In the poem The White Horse, Gwendolyn MacEwen uses imagery, symbolism, contrast, and some punctuation to bring out the ideas and style of her work. Throughout the poem, MacEwen also utilizes religious ideas from the Bible in order to provide insight and depth. These techniques and ideas are used to help to imply the search for everlasting peace in a corrupt world of war and conflict. The first stanza introduces the style of the author’s writing and how her use of symbolism and imagery are used to present the basis of the poem. The first line mentions of a “[white] horse [coming] into the world”.
This can relate to an event in the Bible, where in the book of Revelation, Jesus rides a white horse down towards the earth. Jesus and the colour white can be symbols of divinity, peace, and purity. The imagery created from the phrase “field of dizzy sunlight” is confusion and unstableness in the world; an unclear vision of peace and tranquility. The statement the horse’s eyes “huge with joy and wisdom” may exemplify the all-knowing and just character of Jesus. The purpose of Jesus coming to earth may be the proclamation of a path to eternal peace and paradise – affiliated to the stories in the Bible.
The part where it says, “wondering why you are wondering” may suggest thought of the horse, referred to as Jesus: Why are you, the people, surprised that I am here? This thought based on the quotation before can relate to the promise of Christ’s return to earth, which is the conclusion of the book of Revelation. These details contribute to the foundation used for the reader’s understanding throughout the poem; the white horse as the symbol of purity, divinity, Jesus; and the “white horse” possessing the answer to everlasting peace.
In the second stanza, imagery, contrast, and punctuation are used to emphasize the unpleasantness of “wars” to intensify the longing for peace. The rare punctuation in this stanza gives the reader a quickened pace, which emphasizes the chaos in the world. In comparison, the first stanza aforementioned had many commas, allowing pauses to accentuate the brilliance and heavenliness. This suggests change in the tone of the poem; from heavenly to infernal. Words in the text such as “shrapnel, wars, invaded, bombs, limbs, broken countries” create imagery of hostility and destruction; far from attaining harmony in the world.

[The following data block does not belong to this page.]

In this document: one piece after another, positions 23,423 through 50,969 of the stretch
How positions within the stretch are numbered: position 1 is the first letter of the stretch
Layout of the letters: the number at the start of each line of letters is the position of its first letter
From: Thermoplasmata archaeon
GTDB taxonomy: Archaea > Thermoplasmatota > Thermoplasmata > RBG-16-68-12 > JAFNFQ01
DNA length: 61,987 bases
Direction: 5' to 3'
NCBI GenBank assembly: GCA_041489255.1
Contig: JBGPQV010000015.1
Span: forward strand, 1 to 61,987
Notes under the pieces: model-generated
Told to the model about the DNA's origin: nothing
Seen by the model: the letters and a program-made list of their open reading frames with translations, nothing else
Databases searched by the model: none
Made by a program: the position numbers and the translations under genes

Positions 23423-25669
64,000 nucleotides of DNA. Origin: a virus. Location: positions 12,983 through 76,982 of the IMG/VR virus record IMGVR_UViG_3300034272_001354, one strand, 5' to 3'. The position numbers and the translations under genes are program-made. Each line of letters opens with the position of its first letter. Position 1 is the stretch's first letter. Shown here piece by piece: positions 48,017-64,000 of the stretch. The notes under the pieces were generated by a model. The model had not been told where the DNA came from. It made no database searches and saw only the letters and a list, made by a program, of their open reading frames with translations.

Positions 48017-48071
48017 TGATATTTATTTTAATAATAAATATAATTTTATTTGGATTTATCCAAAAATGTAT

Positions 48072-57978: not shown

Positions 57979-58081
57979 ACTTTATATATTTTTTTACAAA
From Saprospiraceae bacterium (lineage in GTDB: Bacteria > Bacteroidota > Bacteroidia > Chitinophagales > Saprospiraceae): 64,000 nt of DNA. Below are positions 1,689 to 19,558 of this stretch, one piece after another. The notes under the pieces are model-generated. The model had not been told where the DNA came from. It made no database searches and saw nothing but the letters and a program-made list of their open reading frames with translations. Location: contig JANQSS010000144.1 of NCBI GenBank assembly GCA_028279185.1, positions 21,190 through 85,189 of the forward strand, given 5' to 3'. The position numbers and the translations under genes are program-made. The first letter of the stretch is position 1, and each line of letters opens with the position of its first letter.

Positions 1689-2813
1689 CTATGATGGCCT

“Broken countries” such as “Ireland and Lebanon” may be “broken” because they are countries that do not have faith in Christ, God. This can be explained with the quotation “the universe where this horse has never been”; spiritually, Christ Jesus has never been to those nations. It is as if the only way to gain peace is through the horse, or figuratively, Jesus. The haplessness of this stanza creates a great yearning for peace; without peace, there is no hope. The next body of the poem concentrates on the divine nature of the “white horse” and its connection to peace. Imagery and symbolism develop a clearer interpretation of this section.
The first line of the stanza says “you reach out your hand to touch it”. “You” can be described as in a faithful believer and “it” as the white horse, or in other words, Jesus; the way to peace. The person’s effort in reaching for “it” permits “for the first time”, an experience of things they have never before – perhaps a taste of serenity. The five senses touch, sight, smell, taste, and sound are used to demonstrate the proximity of peace when near the horse. This explains the religious idea of when being spiritually close with God, one will have hope discovering peace.
The last two stanzas acknowledge the greatness of the white horse by applying the use of imagery. “But hasn’t the brilliant end come, you wonder… ” relates to the common belief that good things always come to an end, therefore the person is wondering “[shouldn’t] the world [be] still burning? “. On the other hand, there is a demand to announce “it is morning”; a new start, a new beginning. The image of divinity and purity is again illustrated by the horse and the “colour of seafoam”. Again, it states tat the horse is “the first horse that the world has ever seen”.
The repetition of this line in the first and last stanza may suggest that this horse is the only horse in the world. This adds to the religious idea of there being only one almighty Jesus, God. “[Christ] which stands now watching you across the field of endless sunlight”. The faith in him will grant “endless” peace and paradise. Through the use of imagery, symbolism, contrast, punctuation, and religious reference from the Bible, Gwendolyn MacEwen suggests that even in a troubling world like this, there is always a hope for eternal peace and harmony.